Jan 2, 2011

A Perplexing Place in the Jewish World?

I have a question that I'm hoping my faithful readers (and maybe a few rabbis) can chime in on. The topic?

Celibacy & Judaism

How does Judaism view those who choose a celibate lifestyle? On that same note, how does Judaism view those who simply do not marry -- either by choice or circumstance? What is the approach of the Jewish community to such individuals?

Note: I know that Judaism doesn't endorse celibacy. The idea has always been that a rabbi needs to know how to advise those who ask him questions, so shouldn't he be married and experienced and able to answer questions via personal experience and a sense of empathy and/or sympathy? I know I'm simplifying here, but please discuss!

2 comments:

Chaviva said...

So, one rabbi has cited the following, with the note that this is mostly about men, because the rabbis assumed that women wanted to be married more than men.

B. Yavamot 61b

MISHNAH. A MAN SHALL NOT ABSTAIN FROM THE PERFORMANCE OF THE DUTY OF THE PROPAGATION OF THE RACE44 UNLESS HE ALREADY HAS CHILDREN. [AS TO THE NUMBER]. BETH SHAMMAI RULED: TWO MALES, AND BETH HILLEL RULED: MALE AND A FEMALE, FOR IT IS STATED IN SCRIPTURE, MALE AND FEMALE CREATED HE THEM.45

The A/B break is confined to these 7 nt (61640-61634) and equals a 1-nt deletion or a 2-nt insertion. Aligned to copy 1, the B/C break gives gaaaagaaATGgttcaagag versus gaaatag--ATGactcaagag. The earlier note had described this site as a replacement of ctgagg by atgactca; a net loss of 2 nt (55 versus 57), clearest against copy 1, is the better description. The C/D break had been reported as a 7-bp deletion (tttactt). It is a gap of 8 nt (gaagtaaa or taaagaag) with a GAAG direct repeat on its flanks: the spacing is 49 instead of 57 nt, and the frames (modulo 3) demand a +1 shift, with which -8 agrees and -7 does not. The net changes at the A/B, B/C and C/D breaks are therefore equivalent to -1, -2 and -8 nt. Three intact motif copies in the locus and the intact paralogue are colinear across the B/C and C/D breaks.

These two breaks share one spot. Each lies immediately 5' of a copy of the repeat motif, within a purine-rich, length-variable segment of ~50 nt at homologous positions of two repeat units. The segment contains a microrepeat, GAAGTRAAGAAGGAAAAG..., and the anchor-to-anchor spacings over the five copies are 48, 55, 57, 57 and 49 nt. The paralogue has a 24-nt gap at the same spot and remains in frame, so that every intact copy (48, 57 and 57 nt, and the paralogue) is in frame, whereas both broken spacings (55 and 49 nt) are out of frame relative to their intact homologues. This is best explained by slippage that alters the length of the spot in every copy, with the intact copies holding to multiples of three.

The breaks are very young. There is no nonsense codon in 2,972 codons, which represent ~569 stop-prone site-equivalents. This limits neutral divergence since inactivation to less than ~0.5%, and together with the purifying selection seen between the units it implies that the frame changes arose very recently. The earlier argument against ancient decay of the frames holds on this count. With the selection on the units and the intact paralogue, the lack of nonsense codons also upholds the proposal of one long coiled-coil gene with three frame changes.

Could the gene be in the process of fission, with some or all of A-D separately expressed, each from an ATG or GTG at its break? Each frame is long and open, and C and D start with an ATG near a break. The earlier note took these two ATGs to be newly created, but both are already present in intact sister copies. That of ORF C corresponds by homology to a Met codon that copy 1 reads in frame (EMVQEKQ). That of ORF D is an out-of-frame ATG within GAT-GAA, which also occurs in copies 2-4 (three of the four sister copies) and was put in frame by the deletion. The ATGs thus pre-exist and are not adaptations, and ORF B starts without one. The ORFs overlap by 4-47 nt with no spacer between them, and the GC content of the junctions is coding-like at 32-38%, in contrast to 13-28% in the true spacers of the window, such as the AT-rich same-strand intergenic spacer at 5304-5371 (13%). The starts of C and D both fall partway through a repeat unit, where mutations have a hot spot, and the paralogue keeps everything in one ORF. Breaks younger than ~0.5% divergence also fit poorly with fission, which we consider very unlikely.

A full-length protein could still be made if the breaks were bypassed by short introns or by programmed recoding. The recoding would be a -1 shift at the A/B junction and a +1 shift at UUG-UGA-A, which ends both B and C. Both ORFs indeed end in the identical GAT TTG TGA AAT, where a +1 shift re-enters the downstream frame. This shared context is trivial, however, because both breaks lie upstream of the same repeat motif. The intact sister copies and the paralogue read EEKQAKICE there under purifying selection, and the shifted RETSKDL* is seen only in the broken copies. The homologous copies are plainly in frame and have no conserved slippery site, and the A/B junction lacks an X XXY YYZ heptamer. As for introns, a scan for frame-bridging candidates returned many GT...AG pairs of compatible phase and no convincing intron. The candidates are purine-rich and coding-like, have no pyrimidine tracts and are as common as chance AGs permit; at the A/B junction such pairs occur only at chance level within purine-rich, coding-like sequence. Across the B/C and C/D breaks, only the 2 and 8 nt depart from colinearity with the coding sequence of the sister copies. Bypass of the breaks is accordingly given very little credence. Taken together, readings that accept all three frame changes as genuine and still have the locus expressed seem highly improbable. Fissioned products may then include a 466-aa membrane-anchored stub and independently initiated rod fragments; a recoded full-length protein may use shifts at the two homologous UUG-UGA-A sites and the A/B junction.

GEMARA. [This implies] if he has children, he may abstain from performing the duty of propagation but not from that of living with a wife.46 This provides support for a statement R. Nahman made in the name of Samuel who ruled that although a man may have many children he must not remain without a wife, for it is said in the Scriptures, It is not good that the man should be alone.47
Others read: [This48 implies] if he has children he may abstain from performing the duty of propagation and also from that of living with a wife. May it, then, be said that this presents an objection against the statement R. Nahman made in the name of Samuel?49 — No; if he has no children he must marry a woman capable of procreation; and if he has children he may marry a woman who is incapable of procreation.

David Tzohar said...

It is interesting to note that theoretically today a man can procreate while remaining celibate (via artificial insemination). While as you quoted it is a mitzvah to marry and note live alone, it is not a chovah, not a Torah obligation. This is of course purely theoretical. Halacha lema'aseh it is incumbant to marry and have children even after fulfilling the minimum requirement. (la'erev al tanach yadecha)

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